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Elliot Leven

Elliot Leven: Winnipeg Jews are insane

By Elliot Leven, June 6, 2013

My spouse and I just bought a house in Garden City.  It is a very nice house, with a stable foundation, and we got it for a reasonable price.  We looked at houses in many parts of Winnipeg, including River Heights, and this was the house that best met our needs.

One of the reasons we looked at Garden City and West Kildonan was because my spouse Jason teaches in West Kildonan.  I work downtown, so all Winnipeg suburbs, except maybe Transcona and Charleswood, are more or less equidistant from my office.  Jason and I have no children, so proximity to schools is irrelevant to us.

It occurred to me that, after I move, I will be one of the very few Winnipeg Jews who moved into the North End in recent decades.  The trend has been in the opposite direction: North End Jews moving to River Heights and, to a lesser extent, Tuxedo, Linden Woods, and other South End locations.

By the time our Jewish community began to plan our Campus, it was clear that most Jews already lived south, and the trend would continue.  The opening of the Campus accelerated the existing trend, as families with children wanted to buy houses reasonably near their children’s school.  Some North End Jews objected to building the Campus in the south, but a logical answer was that we had to build the Campus where most of its users lived.  Like it or not, most lived south.

However, it now occurs to me that the real question is why Winnipeg Jews decided to begin moving south even before the Campus was conceived.  In light of my recent house-hunting experience, I can only conclude that our Jewish community went through a period of collective insanity.

If we could magically move our new Garden City house to a hypothetical vacant lot in River Heights, we would have to add about $100,000 to the price, and we would face a much higher risk of foundation problems.  If Winnipeg Jews had made their decisions about where to live objectively and dispassionately, most of our community would still live north.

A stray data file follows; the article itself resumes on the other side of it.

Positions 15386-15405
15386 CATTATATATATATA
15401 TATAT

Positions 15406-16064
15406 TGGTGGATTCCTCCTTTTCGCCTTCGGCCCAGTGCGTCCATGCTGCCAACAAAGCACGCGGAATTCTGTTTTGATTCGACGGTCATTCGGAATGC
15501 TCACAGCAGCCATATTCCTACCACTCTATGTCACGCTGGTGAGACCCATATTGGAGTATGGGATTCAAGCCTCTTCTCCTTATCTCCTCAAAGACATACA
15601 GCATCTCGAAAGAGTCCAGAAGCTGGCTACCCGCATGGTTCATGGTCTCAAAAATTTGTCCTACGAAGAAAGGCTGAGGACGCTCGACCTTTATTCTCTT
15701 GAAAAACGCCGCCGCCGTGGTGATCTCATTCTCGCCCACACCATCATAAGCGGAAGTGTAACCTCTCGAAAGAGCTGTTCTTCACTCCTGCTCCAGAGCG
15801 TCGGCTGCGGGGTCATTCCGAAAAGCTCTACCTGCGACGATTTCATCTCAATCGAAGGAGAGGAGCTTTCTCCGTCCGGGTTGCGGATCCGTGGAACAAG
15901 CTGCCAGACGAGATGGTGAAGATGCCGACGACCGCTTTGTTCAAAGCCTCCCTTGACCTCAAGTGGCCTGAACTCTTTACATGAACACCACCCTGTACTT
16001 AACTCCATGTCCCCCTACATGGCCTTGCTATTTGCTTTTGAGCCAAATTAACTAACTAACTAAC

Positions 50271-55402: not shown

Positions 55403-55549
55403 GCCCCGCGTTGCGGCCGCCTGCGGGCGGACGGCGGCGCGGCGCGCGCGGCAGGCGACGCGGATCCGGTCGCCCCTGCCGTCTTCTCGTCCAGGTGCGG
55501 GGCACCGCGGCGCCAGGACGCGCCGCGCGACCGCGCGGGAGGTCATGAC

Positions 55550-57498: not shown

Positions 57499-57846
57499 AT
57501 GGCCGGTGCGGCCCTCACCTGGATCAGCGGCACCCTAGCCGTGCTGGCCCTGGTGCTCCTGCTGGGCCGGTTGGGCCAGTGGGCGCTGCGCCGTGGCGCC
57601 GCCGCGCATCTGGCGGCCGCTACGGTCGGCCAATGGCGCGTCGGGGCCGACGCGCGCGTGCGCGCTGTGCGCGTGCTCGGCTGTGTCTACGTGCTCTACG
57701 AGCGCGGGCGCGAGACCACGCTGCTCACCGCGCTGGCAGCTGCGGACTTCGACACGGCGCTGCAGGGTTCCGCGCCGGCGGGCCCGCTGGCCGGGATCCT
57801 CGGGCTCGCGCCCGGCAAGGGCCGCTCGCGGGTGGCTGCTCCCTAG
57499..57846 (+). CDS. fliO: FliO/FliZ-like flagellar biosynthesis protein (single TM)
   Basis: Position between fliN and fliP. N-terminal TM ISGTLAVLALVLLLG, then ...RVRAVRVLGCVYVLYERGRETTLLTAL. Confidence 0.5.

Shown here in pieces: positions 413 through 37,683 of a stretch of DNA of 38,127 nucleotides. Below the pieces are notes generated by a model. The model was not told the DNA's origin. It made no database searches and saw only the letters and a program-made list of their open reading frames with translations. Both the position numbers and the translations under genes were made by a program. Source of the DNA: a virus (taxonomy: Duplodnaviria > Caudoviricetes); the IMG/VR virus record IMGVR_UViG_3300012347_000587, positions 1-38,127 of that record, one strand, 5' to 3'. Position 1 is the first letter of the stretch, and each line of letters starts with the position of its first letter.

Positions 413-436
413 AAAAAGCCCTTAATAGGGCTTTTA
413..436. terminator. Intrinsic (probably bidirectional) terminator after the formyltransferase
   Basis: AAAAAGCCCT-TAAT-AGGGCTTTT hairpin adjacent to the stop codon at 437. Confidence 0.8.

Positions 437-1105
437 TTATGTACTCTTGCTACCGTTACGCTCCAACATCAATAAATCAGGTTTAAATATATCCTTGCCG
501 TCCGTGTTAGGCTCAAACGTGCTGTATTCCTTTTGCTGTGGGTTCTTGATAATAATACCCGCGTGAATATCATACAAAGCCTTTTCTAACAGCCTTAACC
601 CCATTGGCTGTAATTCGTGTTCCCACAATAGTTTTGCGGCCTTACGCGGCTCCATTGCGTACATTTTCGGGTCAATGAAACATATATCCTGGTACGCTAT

Some Jews I know have voiced concerns about crime.  I have lived downtown for 25 years and, believe me, concerns about crime in Winnipeg are mostly hysteria.  The media is more obsessed with crime than it was 40 years ago, but crime rates are driven by demographics and they have fallen as the baby-boom has aged.  Anyone who fled Garden City because of fear of crime is really and truly insane.

I realize that some Jews still live north, and there are still some wonderful Jewish institutions in the north part of town, including synagogues, the Gwen Secter Centre, and others.  There are also some Jewish businesses like Gunn’s Bakery and Saper Agencies.  However, it is unlikely that I will start a trend of Jews moving north.

Too bad.  By any objective measure, staying north would have been the sane thing for our community to do. Now it is too late.  But, as for me, I am looking forward to calling myself a happy resident of Garden City.

Editor's Response: For a number of reasons ( which I do not have time to outline now) I disagree with Mr. Leven wholeheartedly. It must be my South End blood. For now, suffice it to say, that if Mr. Leven wants to stay North, there's no reason why he should stop at Garden City. Why not move a little more further North and live year round at Camp Massad !


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Rhonda Spivak, Editor

Publisher: Spivak's Jewish Review Ltd.

Opinions expressed in letters to the editor or articles by contributing writers are not necessarily endorsed by Winnipeg Jewish Review.